If you haven’t already seen it, urge you to seek out an article that ran on the Huffington Post website yesterday.
Called “Looking Through the Bushes: The Disappearance of Pubic Hair”, the article is written by Roger Friedland, a Professor of Religion and Cultural Sociology at the University of California, Santa Barbara.
It’s probably one of the smartest pieces of journalism I’ve read on the topic of pubic hair removal in some time (and trust me folks – I read a lot of it).
Friedland introduces us to the issue of pubic hair’s “gone missing” status on women by recounting a conversation with a friend. The friend’s “good-looking, sexually-active son” has never seen pubic hair.
“Snatch,” the friend replies. “It’s like a princess phone. He sleeps with girls all the time. He’s never seen a woman’s pubic hair.”
In his introduction, Friedland muses that the disappearance of pubic hair “tells us something about womanhood, the state of love, the human and the relation of body and soul.” He then continues, brilliantly articulating the crux of the issue:
“Pubic practices are rites by which we construct who we know ourselves to be. What are they telling us?”
Over the course of the article, Friedland then explores some really important issues around the removal of pubic hair. Because he has spent a lot of time researching and writing around what I can only describe as “the hook up scene” among a generation of young, sexually active people, he has some insights into the issue of pubic hair removal that are new to me.
Most significantly, Friedland writes, hairless genitals on women are a symbolic indication of sexual readiness (an issue of prime importance in a sexually charged, one-night-stand driven culture).
I know I’ve written about the link between our ready access to online pornography and the absence of pubic hair on a generation of young women before – but Friedland adds to the conversation so eloquently:
American women are, in fact, striking a pornographic pose, one that first appeared in the hard-core porn films that have increasingly shaped the sexual imagination of legions of young men. The eye of the hard-core porn camera hovers over female body parts; it’s a visual excess of physical acts with a minimum of sentiment. It is not a love story. Porn displays pubeless bodies to emphasize the organs — the female genital slit (and the erect male shaft) — and thereby defines the standard of erotic desirability. As nether hair disappeared on screen guys increasingly wanted sex with girls who looked like the porn stars they’d fantasized about. They asked and women struck the pose.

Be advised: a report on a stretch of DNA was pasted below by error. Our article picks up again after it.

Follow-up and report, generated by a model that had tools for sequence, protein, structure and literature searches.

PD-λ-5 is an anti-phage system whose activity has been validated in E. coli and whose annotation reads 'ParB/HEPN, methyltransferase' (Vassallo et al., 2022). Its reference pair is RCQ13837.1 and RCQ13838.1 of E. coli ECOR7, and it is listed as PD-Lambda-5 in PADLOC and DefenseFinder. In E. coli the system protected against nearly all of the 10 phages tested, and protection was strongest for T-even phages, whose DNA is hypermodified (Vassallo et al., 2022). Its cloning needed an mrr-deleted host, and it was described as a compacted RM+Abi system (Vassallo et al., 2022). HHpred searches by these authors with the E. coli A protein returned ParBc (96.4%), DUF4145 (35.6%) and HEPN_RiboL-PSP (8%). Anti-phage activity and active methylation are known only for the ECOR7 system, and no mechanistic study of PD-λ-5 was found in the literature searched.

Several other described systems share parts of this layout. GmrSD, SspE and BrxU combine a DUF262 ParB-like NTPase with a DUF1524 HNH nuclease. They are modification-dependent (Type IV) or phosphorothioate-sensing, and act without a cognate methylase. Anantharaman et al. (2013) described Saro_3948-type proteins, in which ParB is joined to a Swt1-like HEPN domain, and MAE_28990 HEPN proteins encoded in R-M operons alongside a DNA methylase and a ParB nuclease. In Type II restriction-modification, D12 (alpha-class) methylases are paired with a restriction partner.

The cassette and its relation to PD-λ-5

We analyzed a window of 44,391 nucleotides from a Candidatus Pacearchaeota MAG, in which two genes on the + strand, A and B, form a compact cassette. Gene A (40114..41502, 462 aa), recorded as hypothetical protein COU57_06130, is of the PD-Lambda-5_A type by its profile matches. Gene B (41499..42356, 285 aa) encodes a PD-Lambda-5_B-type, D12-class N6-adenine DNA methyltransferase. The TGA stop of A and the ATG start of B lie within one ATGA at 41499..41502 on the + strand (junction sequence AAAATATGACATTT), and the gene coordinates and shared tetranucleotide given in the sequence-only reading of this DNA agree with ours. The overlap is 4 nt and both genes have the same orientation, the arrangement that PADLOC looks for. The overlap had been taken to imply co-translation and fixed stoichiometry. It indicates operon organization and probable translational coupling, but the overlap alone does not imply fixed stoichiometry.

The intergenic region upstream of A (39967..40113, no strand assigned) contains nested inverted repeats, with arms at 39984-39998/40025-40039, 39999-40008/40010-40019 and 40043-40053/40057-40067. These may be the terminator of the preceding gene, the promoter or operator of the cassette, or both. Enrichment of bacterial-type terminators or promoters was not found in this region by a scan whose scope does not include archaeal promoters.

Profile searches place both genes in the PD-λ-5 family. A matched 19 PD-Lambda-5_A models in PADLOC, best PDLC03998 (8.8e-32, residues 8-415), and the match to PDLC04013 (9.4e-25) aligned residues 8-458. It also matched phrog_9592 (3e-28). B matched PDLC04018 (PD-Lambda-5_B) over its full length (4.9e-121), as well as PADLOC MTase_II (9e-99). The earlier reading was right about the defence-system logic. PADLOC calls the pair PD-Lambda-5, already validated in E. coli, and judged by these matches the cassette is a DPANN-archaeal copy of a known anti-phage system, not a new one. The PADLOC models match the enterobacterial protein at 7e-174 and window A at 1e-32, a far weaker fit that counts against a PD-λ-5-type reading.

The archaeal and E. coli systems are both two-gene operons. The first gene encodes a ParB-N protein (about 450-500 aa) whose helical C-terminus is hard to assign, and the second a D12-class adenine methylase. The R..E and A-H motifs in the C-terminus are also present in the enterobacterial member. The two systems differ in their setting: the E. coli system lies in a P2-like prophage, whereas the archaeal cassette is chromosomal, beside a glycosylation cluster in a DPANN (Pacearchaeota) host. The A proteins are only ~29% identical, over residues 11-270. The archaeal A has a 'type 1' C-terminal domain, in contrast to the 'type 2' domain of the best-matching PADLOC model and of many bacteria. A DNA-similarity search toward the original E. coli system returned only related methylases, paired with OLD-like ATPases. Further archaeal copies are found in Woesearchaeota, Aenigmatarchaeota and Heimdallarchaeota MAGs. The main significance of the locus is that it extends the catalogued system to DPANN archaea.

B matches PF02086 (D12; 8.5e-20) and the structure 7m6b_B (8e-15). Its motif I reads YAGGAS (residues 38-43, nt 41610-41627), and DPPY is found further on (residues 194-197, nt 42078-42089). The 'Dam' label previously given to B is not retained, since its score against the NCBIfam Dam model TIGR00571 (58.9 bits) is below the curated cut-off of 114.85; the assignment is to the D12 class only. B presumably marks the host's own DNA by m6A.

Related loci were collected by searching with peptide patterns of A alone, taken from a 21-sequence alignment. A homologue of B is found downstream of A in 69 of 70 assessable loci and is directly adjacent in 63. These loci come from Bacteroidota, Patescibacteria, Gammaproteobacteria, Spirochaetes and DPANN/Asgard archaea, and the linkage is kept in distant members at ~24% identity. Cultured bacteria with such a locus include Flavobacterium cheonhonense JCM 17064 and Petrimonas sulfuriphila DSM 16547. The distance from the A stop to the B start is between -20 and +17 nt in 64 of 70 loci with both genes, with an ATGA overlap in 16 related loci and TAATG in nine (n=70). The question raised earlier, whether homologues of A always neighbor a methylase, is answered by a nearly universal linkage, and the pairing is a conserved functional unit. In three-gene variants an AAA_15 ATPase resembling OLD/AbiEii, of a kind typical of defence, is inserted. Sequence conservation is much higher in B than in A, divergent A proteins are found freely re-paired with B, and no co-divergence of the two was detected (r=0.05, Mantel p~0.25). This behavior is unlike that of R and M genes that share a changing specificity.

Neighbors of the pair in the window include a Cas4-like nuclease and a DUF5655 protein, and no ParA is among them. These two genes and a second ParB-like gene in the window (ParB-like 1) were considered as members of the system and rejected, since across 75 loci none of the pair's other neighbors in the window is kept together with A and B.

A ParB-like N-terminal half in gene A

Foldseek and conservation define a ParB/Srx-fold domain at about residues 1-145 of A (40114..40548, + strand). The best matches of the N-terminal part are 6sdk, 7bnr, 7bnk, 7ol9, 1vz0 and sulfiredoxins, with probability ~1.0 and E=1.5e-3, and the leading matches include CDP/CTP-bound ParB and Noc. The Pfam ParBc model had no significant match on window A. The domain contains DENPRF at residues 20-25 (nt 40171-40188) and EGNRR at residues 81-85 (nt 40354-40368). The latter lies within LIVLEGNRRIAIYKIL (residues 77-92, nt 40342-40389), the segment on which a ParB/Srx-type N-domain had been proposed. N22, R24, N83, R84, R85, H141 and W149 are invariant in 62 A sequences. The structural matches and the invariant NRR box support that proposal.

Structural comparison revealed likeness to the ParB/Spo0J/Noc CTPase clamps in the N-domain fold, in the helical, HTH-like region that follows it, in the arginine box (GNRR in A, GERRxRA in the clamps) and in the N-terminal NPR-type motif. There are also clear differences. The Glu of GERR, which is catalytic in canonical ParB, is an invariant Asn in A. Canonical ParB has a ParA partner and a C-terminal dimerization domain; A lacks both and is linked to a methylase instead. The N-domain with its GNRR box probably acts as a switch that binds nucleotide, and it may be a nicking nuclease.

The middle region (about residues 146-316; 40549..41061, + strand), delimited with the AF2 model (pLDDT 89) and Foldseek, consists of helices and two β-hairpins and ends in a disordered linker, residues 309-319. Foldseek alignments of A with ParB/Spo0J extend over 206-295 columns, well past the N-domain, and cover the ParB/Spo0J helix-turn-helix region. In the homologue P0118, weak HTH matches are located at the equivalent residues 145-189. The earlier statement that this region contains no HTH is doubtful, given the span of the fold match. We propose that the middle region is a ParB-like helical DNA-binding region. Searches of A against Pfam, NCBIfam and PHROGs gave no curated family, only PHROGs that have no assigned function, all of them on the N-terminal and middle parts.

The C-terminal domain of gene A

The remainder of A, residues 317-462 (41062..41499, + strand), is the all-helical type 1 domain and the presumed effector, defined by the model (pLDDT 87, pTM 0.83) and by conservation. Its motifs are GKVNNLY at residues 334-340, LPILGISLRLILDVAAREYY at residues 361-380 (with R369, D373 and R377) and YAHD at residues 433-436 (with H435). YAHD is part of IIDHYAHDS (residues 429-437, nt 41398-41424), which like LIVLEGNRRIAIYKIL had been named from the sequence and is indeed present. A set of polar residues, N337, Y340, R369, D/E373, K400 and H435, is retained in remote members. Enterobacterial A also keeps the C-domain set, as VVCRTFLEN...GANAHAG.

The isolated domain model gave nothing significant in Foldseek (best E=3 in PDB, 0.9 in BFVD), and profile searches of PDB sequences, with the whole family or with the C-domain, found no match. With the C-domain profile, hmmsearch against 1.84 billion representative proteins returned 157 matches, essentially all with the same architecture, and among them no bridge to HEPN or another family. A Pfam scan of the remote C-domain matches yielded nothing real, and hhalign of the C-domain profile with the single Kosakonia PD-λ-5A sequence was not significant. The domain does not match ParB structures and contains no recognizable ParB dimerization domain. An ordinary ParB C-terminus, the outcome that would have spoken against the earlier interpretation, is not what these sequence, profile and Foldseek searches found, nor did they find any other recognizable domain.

He touches on the chronology of pubic hair removal in porn (starting in Penthouse magazine in 1970) and creeping more regularly into mainstream images by the 1980s.
Friedland also describes the connection between the eroticization of young female bodies and the rise of the feminist movement in the 1970s:
Two things happened just before the pubic hair disappeared. The timing is not arbitrary. I will reverse the sequence. In the 1970’s the female teen body became an erotic fetish. In 1974 Larry Flynt began publishing Barely Legal, with frontal shots of eighteen year-old girls. In 1976, an underage Jodie Foster played a 12-year-old prostitute in Martin Scorcese’s Taxi Driver; in 1978, Brooke Shields did the same in Louis Malle’s Pretty Baby. Both were underage when they played these parts.
As feminism encouraged women to avoid being the object of gaze while triumphantly embracing their body hair, “the female teen fetish went mainstream.” As Friedland writes, “this eroticization of young girls recaptured the pure feminine, the subordinate, hairless virginal female against whom a man was clearly a man.”
We often hear that we are now living in a “post-feminist” era, where young women are (theoretically) reaping the benefits of (ahem) living in a free and equal society (cough). One of the ways it sometimes plays out is through a recently modified script, where young women seek casual sex rather than eternally looking for love and babies. Friedland suggests that it is the Brazilian wax that becomes part of this “new erotic repertoire, a perpetual reminder that you are always ready for action.”
(Interested in reading more about hook-up culture? Try “Hook-up Culture’s Bad Rap,” a smart article by Kate Harding that was on Salon.com last year)
Clearly I should stop writing and you should all turn to Friedland’s article ASAP. Before I do, however, let me leave you with one of the most spot-on sentences (describing the hygiene issue around women and oral sex) I have read in a long time:
“Hairlessness, like the vaginal mint, advertises that a vagina has been purified for male taste.”
Thanks, Roger Friedland, for getting it so right. (Now we just have to figure out how to fix things…)